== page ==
The worst ogress couldn't have treated me more villainously. I don't care about right and wrong, politics, Fascism, abstract liberty, or anything else of the sort. I want to look at the mowers, and wonder why fatness, elderliness, and black trousers should inevitably wear a new straw hat of the boater variety, move in stiff jerks, shove the end of the scythe-strokes with a certain violence, and win my hearty disapproval, as contrasted with young long thinness, bright blue cotton trousers, a bare black head, and a pretty lifting movement at the end of the scythestroke.
Why do modern people almost invariably ignore the things that are actually present to them? Why, having come out from England to find mountains, lakes, scythe-mowers and cherry trees, does the little blue-eyed lady resolutely close her blue eyes to them all, now she's got them, and gaze away to Signor Musolini, whom she hasn't got, and to Fascism, which is invisible anyhow? Why isn't she content to be where she is? Why can't she be happy with what she's got? Why must she CARE?
I see now why her round blue eyes are so round, so noticeably round, It is because she "cares." She is haunted by that mysterious bugbear of "caring." For everything on earth that doesn't concern her she "cares." She cares terribly because far-off, invisible, hypothetical Italians wear black shirts, but she doesn't care a rap that one elderly mower whose stroke she can hear, wears black trousers instead of bright blue cotton ones. Now if she would descend from the balcony and climb the grassy slope and say to the fat mower: "Cher monsieur, pourquoi porlez-vous les pantalons noirs? why, Oh, why do you wear black trousers?" -- then I should say: what an on-the-spot little lady! -- But since she only torments me with international politics. I can only remark: What a tiresome off-the-spot old woman!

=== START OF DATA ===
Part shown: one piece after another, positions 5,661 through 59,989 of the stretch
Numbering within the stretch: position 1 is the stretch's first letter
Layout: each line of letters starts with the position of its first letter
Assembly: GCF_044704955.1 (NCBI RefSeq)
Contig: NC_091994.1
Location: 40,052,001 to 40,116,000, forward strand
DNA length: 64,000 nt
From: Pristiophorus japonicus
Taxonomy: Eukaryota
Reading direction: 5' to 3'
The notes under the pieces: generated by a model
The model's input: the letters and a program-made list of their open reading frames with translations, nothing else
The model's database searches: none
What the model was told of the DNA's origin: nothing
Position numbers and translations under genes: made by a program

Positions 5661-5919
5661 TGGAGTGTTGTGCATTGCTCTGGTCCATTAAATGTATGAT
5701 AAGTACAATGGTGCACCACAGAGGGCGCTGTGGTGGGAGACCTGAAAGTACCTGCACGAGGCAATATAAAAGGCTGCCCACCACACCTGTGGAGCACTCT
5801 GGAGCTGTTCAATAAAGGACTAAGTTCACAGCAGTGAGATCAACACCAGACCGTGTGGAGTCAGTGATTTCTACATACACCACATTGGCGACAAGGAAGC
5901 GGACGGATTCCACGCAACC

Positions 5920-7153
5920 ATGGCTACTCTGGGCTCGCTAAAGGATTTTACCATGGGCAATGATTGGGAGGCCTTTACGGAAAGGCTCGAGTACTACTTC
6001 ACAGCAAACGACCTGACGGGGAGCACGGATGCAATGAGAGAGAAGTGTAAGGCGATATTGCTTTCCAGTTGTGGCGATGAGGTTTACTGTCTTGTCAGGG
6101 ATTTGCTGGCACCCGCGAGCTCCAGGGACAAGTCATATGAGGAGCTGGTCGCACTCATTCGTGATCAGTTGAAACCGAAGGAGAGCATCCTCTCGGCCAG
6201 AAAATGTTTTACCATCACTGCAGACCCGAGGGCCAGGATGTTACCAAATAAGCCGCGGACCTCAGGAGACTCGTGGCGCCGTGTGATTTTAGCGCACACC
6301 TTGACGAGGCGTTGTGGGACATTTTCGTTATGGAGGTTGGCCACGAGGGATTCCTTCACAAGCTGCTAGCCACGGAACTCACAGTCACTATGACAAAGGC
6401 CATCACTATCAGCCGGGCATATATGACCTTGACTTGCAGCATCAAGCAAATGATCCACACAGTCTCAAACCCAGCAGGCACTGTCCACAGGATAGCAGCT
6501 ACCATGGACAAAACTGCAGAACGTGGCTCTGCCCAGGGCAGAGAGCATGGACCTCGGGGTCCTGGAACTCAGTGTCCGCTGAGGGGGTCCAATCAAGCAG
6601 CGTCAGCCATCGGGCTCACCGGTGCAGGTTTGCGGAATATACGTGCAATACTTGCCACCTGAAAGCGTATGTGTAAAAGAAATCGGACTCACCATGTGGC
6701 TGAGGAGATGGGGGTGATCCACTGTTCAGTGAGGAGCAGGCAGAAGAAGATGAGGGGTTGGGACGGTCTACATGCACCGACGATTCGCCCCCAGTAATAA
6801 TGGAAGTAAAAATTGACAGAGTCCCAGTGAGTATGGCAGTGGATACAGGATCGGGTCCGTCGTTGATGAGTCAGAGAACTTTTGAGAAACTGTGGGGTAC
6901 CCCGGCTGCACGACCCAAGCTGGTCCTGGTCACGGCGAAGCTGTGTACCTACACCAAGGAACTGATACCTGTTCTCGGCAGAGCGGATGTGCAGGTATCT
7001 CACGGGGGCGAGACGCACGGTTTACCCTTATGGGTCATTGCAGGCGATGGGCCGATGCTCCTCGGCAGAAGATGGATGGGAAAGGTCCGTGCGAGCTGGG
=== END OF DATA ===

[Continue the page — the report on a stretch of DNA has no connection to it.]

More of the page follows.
They care! They simply are eaten up with caring. They are so busy caring about Fascism or Leagues of Nations or whether France is right or whether Marriage is threatened, that they never know where they are. They certainly never live on the spot. They inhabit abstract space, the desert void of politics, principles, right and wrong, and so forth. They are doomed to be abstract. Talking to them is like trying to have a human relationship with the letter x in algebra.
There simply is a deadly breach between actual living and this abstract caring. What is actual living? It is a question mostly of direct contact. There was a direct sensuous contact between me, the lake, mountains, cherry trees, mowers, and a certain invisible but noisy chaffinch in a clipped lime tree. All this was cut off by the fatal shears of that abstract word FASCISM, and the little old lady next door was the Atropos who cut the thread of my actual life this afternoon. She beheaded me, and flung my head into abstract space Then we are supposed to love our neighbours!
When it comes to living, we live through our instincts and our intuitions, Instinct makes me run from little over-earnest ladies; instinct makes me sniff the lime blossoms and reach for the darkest cheery. But it is intuition which makes me feel the uncanny glassiness of the lake this afternoon, the sulkiness of the mountains, the vividness of near green in thundersun, the young man in bright blue trousers, lightly tossing the grass from the scythe, the elderly man in a boater stiffly shoving his scythe strokes, both of them sweating in the silence of the intense light.